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Finally, some colleges might decide to stay in the program but reduce the risk of suit by becoming more “sectarian”: to admit only students who explicitly affirm all the college’s beliefs on contested matters. (This assumes the bill does not prohibit admissions preferences based on religious belief.)

In the future, this may increasingly become the legislative and judicial compromise in religious-exemption disputes: The organization will be permitted to demand uniformity of belief but forbidden to discriminate based on any other ground. That result would preserve some autonomy for religious groups, but only in very reduced form, and with a significant social cost. As I’ve argued here, religious groups that (1) reach out to serve non-members, but also (2) maintain a distinctive faith-based identity and standards, are especially likely to provide vigorous and valuable services.

What is the status of the bill? Is there a compromise that might be reached?

The state senate passed the first version of the bill, the version that threatened to bar a host of religious elements in colleges, on May 26 (see timeline/status). The altered version described above has now moved through one committee in the state assembly; the appropriations committee must still consider it, and as already noted, the sponsor has promised to make changes. If the assembly passes it, the senate will have to approve the new version.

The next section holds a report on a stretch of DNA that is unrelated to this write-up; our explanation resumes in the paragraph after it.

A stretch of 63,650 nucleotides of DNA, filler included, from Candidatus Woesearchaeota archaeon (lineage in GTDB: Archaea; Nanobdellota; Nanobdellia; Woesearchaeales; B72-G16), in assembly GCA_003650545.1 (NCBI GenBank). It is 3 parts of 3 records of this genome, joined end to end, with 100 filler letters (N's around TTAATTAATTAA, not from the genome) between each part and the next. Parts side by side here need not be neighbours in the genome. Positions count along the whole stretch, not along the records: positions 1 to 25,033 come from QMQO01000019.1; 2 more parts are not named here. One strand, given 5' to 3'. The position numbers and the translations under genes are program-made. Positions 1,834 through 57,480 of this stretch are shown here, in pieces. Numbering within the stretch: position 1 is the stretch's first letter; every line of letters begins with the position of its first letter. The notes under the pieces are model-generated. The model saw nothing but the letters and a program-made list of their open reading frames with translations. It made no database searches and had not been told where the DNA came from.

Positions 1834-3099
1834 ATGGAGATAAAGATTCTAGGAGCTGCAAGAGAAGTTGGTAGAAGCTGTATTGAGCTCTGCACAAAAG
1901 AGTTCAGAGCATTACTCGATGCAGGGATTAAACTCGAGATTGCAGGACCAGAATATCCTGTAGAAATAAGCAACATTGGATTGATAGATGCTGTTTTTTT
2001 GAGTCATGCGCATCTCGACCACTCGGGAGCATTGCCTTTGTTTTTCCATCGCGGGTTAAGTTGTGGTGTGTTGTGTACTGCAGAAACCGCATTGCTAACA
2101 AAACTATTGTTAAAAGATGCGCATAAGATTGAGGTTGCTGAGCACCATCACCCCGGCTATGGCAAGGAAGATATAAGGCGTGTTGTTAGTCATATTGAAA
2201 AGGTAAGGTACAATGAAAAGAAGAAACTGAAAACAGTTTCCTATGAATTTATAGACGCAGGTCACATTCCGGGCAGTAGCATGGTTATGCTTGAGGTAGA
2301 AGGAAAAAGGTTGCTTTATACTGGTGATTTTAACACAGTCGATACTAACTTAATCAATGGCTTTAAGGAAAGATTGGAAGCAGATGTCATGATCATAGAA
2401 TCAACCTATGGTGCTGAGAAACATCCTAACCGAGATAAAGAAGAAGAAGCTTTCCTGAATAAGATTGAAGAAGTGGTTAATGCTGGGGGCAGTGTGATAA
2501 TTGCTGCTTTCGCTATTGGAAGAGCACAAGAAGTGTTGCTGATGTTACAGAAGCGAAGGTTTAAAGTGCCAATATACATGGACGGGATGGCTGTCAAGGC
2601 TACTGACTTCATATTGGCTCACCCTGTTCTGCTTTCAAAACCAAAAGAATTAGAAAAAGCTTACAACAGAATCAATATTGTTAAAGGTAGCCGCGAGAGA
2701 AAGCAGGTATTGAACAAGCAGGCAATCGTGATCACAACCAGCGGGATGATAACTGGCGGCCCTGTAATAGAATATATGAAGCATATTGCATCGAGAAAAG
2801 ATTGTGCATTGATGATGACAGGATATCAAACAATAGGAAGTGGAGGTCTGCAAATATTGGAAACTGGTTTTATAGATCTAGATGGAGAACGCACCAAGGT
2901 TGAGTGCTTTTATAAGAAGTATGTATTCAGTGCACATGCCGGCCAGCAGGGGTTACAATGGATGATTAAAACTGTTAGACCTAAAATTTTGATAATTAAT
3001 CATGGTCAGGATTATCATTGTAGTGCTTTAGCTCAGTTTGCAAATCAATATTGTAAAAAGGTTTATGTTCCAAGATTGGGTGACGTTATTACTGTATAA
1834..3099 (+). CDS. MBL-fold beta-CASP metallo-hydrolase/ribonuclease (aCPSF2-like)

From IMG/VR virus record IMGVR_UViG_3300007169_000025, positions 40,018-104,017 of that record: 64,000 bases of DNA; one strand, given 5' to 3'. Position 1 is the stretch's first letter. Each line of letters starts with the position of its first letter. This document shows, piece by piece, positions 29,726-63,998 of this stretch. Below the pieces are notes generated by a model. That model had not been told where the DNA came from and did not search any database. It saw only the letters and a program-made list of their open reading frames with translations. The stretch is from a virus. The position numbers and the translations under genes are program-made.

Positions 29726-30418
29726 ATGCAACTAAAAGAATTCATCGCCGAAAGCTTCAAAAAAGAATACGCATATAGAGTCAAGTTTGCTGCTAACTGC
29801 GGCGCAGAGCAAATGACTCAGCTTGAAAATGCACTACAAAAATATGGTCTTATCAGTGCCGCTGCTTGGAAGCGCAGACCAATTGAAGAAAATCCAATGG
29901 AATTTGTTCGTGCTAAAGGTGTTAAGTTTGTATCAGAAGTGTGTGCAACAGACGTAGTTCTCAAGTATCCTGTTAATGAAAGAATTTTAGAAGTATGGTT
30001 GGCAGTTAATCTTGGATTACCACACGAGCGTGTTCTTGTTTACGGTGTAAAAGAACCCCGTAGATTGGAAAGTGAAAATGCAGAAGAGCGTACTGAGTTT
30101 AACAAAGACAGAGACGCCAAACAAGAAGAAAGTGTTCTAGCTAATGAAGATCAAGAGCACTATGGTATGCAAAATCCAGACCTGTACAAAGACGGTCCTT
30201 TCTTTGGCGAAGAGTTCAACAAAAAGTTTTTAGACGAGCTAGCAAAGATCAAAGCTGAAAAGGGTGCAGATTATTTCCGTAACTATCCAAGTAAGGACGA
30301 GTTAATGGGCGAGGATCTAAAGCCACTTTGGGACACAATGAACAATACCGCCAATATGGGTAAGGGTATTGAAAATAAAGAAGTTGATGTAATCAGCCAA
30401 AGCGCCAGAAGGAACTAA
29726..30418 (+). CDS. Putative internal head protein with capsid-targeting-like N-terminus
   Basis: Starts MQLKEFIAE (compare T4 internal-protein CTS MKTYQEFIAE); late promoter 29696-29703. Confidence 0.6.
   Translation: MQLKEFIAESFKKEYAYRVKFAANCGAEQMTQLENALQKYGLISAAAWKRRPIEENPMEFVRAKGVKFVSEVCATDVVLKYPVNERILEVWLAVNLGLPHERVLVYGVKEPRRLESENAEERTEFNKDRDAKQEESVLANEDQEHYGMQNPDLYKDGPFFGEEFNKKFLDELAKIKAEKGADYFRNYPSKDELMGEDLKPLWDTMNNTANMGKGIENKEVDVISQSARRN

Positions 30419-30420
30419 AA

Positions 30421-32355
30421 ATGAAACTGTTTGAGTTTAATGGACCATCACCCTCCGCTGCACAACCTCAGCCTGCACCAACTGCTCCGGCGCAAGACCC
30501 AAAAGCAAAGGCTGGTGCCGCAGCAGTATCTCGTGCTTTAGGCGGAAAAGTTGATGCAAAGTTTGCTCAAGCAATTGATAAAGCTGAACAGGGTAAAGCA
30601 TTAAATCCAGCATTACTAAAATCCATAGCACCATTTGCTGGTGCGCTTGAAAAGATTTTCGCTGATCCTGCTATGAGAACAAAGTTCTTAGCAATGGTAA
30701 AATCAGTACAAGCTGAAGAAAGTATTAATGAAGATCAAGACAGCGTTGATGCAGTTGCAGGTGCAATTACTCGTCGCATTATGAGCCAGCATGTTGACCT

It’s not clear whether any compromise measure is possible. The colleges vigorously argue for keeping some form of exemption allowing them to follow their “tenets and mission.” The proponents seem unlikely to accept such language, and the Democrats, who hold the majority, generally tilt toward their position. But legislators have received many calls and messages concerning this issue, and critiques of the bill have already contributed to changes in it once before.

Thomas Berg is James L. Oberstar Professor of Law and Public Policy, University of St. Thomas School of Law (Minnesota), where he teaches constitutional law and supervises the school’s Religious Liberty Appellate Clinic. He has co-written articles and a Supreme Court brief (with Douglas Laycock) on how government can protect religious liberty as well as same-sex civil marriage.

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